For the final post in this series, I’d like to address a question that is as challenging as it is important…when is enough, enough? When is it time to step away—trusting that you have read enough letters, seen sufficient photographs, and pored through the right amount of memoirs, and how do you know that you’ve reached that point? It’s entirely possible that I am the last person that should be offering advice on the subject. My friends and colleagues have often chided me for “excessive” research, as have several editors (apparently, one really can cite too many sources in too many footnotes). However, my occasional inability to know that I have gathered the necessary citations means I am actually well placed to offer guidance.

The Texas Cotton Palace promotional envelope, 1894
I tracked down this promotional mail-out after realizing that my discussion on agriculture in nineteenth century Texas was weak; I moved forward with my research knowing that I hadn’t found all that I needed in regard to a particular topic, and it was time well spent. From the Texas Cotton Palace records, box 2, folder 8.

That advice begins with a simple realization: it is possible to spend so much time looking through archival materials that the notes you collect become overwhelming and your work with them, inefficient. A paradox of historical research—people working with primary sources tend to assume that where one source is good, two sources are better, and three sources, best. The problem with this line of thought is two-fold. First, as your notes or copies increase in number, it becomes increasingly difficult to incorporate that information into existing outlines, chapters, etc. After completing my dissertation, I found a stack of Xerox copies more than one foot high that I had never written into my outlines. I missed nothing of import in those copies, but I was fortunate. I could easily have lost valuable information to a crowd of unheeded papers. Second, if you focus exclusively on research, you will never finish the project that prompted that work in the first place. Research alone does not produce finished works. Books, articles, and even blog posts can only be written, edited, and completed by an individual who has found the courage to say, “Yes, this research and my thoughts on it can stand.”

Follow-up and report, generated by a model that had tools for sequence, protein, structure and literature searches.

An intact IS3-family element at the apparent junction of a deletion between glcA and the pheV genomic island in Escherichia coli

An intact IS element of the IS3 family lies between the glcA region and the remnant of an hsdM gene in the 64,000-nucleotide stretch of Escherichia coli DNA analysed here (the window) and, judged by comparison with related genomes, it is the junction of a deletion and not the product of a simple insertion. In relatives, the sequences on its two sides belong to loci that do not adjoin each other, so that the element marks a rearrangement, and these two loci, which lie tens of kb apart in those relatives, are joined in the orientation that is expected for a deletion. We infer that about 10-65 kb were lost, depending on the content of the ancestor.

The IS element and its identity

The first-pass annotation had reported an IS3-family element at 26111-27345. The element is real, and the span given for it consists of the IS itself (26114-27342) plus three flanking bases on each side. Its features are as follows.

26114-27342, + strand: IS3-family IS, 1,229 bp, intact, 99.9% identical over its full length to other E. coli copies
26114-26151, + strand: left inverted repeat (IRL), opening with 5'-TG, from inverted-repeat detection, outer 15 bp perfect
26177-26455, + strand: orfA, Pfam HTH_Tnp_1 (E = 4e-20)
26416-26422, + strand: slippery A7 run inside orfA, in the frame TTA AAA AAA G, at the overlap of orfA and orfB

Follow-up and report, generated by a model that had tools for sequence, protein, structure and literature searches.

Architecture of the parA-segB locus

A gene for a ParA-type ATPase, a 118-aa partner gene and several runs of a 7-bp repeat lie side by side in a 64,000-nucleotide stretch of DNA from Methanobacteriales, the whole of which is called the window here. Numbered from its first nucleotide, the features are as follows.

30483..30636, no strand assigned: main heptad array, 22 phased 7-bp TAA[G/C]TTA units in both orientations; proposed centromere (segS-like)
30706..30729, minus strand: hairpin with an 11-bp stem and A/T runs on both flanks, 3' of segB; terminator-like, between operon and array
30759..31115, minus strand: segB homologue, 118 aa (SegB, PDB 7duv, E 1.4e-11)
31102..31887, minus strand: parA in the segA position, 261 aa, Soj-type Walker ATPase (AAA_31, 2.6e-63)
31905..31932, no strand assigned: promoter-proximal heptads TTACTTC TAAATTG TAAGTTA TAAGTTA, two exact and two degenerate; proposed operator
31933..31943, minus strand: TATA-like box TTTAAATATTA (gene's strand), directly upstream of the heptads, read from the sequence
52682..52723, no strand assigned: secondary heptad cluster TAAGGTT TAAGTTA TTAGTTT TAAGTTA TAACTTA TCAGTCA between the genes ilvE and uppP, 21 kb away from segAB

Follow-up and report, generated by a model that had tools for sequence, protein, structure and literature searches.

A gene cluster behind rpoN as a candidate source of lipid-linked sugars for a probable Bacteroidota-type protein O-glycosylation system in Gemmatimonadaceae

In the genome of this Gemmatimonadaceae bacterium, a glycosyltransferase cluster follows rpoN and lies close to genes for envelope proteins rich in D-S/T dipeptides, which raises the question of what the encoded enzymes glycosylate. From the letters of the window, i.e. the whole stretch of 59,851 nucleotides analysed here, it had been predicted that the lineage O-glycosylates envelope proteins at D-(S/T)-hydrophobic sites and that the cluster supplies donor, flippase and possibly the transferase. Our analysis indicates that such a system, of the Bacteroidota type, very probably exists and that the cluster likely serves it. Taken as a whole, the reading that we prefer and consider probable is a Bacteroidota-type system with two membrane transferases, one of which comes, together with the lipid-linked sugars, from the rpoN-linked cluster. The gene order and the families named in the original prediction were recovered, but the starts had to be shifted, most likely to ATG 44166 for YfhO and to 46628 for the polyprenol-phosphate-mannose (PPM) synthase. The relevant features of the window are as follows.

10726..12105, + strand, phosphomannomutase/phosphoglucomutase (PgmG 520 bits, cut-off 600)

So how do you know when enough is truly enough? Where do you draw the mythical line in the sand? Personally, I use a series of hypothetical scenarios to weigh what I might find in future research against what I know from my current research. Would my ideas still hold if, somewhere, a source existed that said X; if I later found a source that said Y, would I still feel comfortable with my project? If I decide that nothing short of indisputable evidence refuting my argument would cause me doubt, then I leave my research be. If I feel like there is more than one way in which my ideas could be threatened or if I see a glaring omission, then I continue to research until I feel comfortable in my analysis.

Letter to George Barnard from New York, March 22, 1855
Hand-written documents can introduce still more challenges. Although I could read this letter in person, I struggled to read the Xerox copy that I requested and so, ultimately, went back to the materials a second time for a scanned copy. From the Barnard-Lane papers, box 3, folder 13.